3 Reasons To Buy This $7 Stock With A 10.5% Yield

Aug.20.12 | About: Apollo Investment (AINV)

Investors have been focusing on dividend stocks for at least a couple of years now. The Federal Reserve has pushed interest rates down to record lows, and that has led to a boom in large-cap stocks. For example, General Electric Company (NYSE:GE) has long been considered a blue-chip stock and it is known for having a long history of paying dividends. This has put it at the top of the list for many investors and that has taken the stock up from a 52-week low of $14.02, to its current $21 per share. Because of the higher stock price, the shares now only yield about 3.2%. While that is decent, it is far from exciting and it could lead to diminished returns, going forward. That is why it could pay for investors to look at lesser known, but still solid companies that offer much higher yields. Here is one company that offers a dividend yield that is about triple the yield offered by General Electric:

Apollo Investment Corporation (NASDAQ:AINV) provides debt and equity capital to a wide-range of companies such as restaurants, food distribution, healthcare, technology and other industries. It earns income from fees, interest payments, capital appreciation and other related sources, and it pays a large portion of its income to shareholders in the form of a dividend. Since this company is registered as a "business development company", or "BDC", it receives a more advantageous tax status that benefits shareholders.

Investment Portfolio: Apollo has invested (through debt or equity) in a number of well known companies that include: Avaya, Inc. (a provider of voice communication systems), Booz Allen Hamilton (NYSE:BAH), Chesapeake Energy Corporation (NYSE:CHK), Miller Energy Resources (NYSE:MILL), and many others. A complete list of companies in the Apollo portfolio can be seen here.

Apollo recently reported solid financial results for the quarter that ended on June 30, 2012. It announced net investment income of 20 cents per share, excluding a one-time, 1 cent per share charge. It also reduced the leverage ratio to .53 at June 30, 2012, compared to .59 at March 31, 2012. The company CEO appears to be managing the company in a conservative fashion, while remaining opportunistic and he recently stated:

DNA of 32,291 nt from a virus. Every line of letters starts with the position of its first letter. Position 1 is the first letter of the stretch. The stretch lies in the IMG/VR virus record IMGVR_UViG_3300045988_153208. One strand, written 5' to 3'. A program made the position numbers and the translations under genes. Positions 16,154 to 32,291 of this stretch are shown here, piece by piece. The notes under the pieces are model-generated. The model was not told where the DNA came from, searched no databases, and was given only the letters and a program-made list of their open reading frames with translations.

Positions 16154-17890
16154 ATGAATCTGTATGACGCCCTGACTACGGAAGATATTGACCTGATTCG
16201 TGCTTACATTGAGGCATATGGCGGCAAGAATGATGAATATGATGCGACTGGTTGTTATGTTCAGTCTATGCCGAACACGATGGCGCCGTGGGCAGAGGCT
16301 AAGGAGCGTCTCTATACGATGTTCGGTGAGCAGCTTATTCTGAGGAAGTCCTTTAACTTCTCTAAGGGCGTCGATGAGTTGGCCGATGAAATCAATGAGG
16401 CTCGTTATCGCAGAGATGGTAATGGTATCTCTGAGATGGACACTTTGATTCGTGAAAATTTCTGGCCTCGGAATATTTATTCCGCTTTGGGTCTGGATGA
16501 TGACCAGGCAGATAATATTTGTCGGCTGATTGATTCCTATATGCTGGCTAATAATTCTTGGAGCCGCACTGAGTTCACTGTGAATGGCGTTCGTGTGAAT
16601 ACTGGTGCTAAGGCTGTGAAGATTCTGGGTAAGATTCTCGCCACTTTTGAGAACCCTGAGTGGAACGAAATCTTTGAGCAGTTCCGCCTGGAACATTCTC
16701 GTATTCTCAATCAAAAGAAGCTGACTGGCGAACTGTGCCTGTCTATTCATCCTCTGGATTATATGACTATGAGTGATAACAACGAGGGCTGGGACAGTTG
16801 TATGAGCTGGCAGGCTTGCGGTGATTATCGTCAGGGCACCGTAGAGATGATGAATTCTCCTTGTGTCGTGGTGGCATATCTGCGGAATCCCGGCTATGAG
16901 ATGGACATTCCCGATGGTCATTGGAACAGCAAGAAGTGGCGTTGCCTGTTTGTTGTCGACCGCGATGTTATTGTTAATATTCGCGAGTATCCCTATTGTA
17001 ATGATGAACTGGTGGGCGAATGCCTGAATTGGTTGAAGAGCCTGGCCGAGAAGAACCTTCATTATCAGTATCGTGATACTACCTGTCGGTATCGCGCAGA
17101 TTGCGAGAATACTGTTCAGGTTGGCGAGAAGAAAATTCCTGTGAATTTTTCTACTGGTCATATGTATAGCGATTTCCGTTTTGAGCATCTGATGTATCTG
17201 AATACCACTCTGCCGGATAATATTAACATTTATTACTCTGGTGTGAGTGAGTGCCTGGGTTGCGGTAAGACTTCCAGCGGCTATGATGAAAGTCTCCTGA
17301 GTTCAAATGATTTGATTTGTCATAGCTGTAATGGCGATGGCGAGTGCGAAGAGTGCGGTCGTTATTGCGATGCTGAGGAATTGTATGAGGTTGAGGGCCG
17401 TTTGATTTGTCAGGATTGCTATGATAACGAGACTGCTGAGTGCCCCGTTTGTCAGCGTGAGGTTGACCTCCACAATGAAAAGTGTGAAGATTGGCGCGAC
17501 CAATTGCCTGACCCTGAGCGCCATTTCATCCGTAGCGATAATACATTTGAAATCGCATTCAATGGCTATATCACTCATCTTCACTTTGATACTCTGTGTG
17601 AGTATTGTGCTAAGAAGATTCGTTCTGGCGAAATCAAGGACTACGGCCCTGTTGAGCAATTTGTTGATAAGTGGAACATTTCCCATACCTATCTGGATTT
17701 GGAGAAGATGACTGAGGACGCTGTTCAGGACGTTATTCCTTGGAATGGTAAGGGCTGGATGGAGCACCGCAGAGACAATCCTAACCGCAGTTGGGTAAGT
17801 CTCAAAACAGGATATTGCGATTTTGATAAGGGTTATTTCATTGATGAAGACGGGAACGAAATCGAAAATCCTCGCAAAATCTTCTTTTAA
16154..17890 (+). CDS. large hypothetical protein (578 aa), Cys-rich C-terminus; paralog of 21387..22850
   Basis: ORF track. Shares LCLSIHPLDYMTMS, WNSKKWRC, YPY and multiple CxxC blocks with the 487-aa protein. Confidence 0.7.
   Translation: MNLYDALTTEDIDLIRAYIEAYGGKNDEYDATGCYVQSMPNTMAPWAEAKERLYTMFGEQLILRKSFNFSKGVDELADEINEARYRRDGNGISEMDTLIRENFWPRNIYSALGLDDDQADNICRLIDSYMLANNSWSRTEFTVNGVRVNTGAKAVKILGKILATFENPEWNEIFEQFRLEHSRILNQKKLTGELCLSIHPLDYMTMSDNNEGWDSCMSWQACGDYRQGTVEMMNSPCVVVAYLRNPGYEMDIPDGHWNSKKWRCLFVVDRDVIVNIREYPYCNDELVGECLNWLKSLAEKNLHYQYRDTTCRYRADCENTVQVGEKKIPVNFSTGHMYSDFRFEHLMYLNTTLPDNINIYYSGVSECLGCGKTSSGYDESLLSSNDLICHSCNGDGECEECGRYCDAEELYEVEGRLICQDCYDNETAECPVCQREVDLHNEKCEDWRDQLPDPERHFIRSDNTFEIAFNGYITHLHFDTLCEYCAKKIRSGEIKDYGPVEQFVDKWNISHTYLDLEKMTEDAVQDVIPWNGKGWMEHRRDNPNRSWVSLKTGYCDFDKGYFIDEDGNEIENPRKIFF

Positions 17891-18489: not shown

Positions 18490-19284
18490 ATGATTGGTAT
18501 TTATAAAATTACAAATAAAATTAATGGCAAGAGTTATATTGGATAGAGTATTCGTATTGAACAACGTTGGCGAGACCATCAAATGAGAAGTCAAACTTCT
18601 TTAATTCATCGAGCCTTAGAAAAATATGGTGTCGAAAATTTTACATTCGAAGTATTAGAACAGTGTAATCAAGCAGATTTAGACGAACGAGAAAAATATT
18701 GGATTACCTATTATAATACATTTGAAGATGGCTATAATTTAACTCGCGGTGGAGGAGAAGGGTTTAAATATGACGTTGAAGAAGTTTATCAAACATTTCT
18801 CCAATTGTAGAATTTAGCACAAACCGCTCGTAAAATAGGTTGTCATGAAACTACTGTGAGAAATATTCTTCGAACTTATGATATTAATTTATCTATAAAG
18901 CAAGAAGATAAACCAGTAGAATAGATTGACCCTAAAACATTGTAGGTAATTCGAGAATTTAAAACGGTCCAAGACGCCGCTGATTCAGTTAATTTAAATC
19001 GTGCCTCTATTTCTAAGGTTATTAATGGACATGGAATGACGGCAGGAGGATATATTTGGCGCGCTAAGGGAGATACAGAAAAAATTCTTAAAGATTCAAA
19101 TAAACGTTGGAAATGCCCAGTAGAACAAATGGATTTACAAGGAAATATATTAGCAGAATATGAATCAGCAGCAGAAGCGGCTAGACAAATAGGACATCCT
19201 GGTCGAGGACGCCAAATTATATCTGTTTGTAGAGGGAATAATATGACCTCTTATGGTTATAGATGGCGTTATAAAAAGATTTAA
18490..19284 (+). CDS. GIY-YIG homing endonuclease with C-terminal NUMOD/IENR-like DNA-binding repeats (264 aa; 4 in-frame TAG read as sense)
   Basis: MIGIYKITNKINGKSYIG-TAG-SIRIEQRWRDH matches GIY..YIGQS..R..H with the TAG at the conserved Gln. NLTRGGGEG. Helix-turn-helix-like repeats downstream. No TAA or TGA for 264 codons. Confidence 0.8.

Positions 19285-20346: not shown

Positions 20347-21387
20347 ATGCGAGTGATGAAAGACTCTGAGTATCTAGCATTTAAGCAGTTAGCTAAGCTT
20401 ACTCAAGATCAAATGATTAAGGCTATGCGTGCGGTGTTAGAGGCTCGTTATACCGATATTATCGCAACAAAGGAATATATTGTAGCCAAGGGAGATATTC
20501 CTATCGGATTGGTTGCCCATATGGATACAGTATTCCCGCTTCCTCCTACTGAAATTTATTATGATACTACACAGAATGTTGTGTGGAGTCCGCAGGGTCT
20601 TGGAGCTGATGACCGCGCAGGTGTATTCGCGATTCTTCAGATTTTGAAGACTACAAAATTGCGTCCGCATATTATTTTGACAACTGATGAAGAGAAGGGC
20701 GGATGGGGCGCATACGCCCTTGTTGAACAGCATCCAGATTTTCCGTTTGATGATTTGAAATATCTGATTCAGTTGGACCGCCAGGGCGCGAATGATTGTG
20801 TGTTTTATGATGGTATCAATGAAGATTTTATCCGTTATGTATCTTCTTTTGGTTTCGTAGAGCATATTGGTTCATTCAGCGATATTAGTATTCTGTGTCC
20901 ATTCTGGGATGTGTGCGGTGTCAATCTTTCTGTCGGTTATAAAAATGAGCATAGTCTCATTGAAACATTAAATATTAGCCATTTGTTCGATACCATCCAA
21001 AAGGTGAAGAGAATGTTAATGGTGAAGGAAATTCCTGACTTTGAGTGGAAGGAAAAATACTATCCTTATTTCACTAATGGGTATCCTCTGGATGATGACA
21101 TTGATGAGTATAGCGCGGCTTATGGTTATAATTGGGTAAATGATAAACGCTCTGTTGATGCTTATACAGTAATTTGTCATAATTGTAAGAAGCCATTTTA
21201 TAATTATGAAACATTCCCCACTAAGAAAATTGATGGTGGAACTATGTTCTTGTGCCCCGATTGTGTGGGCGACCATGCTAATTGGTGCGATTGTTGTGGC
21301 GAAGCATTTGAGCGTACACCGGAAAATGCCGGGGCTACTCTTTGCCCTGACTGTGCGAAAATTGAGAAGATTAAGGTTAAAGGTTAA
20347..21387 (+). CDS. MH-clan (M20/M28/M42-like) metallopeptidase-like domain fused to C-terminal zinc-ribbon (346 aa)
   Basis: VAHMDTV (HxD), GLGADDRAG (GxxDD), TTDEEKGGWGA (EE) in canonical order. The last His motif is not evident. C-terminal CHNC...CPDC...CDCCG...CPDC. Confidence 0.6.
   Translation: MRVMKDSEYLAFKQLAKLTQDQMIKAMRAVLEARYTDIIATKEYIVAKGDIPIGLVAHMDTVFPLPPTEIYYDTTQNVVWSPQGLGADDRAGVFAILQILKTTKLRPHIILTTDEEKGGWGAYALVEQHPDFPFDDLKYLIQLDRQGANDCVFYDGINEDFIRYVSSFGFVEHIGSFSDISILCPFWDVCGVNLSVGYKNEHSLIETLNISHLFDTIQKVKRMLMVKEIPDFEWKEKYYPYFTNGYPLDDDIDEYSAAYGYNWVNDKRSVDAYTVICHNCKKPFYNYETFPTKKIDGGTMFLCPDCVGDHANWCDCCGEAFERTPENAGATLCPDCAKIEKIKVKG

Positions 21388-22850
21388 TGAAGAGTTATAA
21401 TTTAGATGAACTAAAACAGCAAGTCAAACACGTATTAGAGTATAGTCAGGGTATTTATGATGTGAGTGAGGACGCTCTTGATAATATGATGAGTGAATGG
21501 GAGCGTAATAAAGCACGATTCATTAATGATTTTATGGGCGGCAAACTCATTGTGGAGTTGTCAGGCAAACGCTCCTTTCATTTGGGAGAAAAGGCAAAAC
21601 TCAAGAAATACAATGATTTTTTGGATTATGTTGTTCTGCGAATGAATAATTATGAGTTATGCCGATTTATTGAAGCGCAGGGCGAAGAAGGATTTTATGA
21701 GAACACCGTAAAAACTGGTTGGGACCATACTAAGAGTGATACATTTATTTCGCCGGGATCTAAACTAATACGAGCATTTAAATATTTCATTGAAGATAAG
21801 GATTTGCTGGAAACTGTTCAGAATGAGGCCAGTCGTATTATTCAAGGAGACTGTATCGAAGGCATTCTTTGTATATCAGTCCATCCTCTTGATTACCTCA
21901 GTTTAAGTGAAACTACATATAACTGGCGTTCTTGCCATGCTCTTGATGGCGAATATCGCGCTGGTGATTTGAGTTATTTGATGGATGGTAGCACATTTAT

"Given our cautious view of the overall market environment, we continued to methodically sell select investments and reduce leverage during our first fiscal quarter without sacrificing net investment income. Looking ahead, we believe that we are very well positioned to take advantage of future market opportunities."

Here are 3 reasons to consider buying this stock, especially on dips:

1) This stock has been trending up, and it has risen from about $7 per share in June, to around $7.77 currently. However, the stock still looks undervalued and it trades below book value, which is $8.30 per share.

2) A few weeks ago multiple insiders were buying shares right around current levels, which means there could be additional upside. On June 6, 2012, Edward J. Goldthorpe, an officer, bought 20,000 shares for $7.75, in a transaction valued at about $155,000. Also on June 6, Gregory Hunt bought 5,000 shares for $7.62 each, in a transaction valued at about $38,000.

3) Earlier this year, analysts at Barclays (NYSE:BCS) upgraded the shares from equal weight to overweight, and set a $9 price target. This would provide investors with a gain of about 20%, from current levels.

Here are some key points for AINV:

  • Current share price: $7.77
  • The 52 week range is $5.97 to $9.48
  • Earnings estimates for 2012: 82 cents per share
  • Earnings estimates for 2013: 86 cents per share
  • Annual dividend: 80 cents per share which yields 10.5%

Data is sourced from Yahoo Finance.

Disclosure: I have no positions in any stocks mentioned, and no plans to initiate any positions within the next 72 hours.

Disclaimer: No guarantees or representations are made. Hawkinvest is not a registered investment advisor and does not provide specific investment advice. The information is for informational purposes only. You should always consult a financial advisor.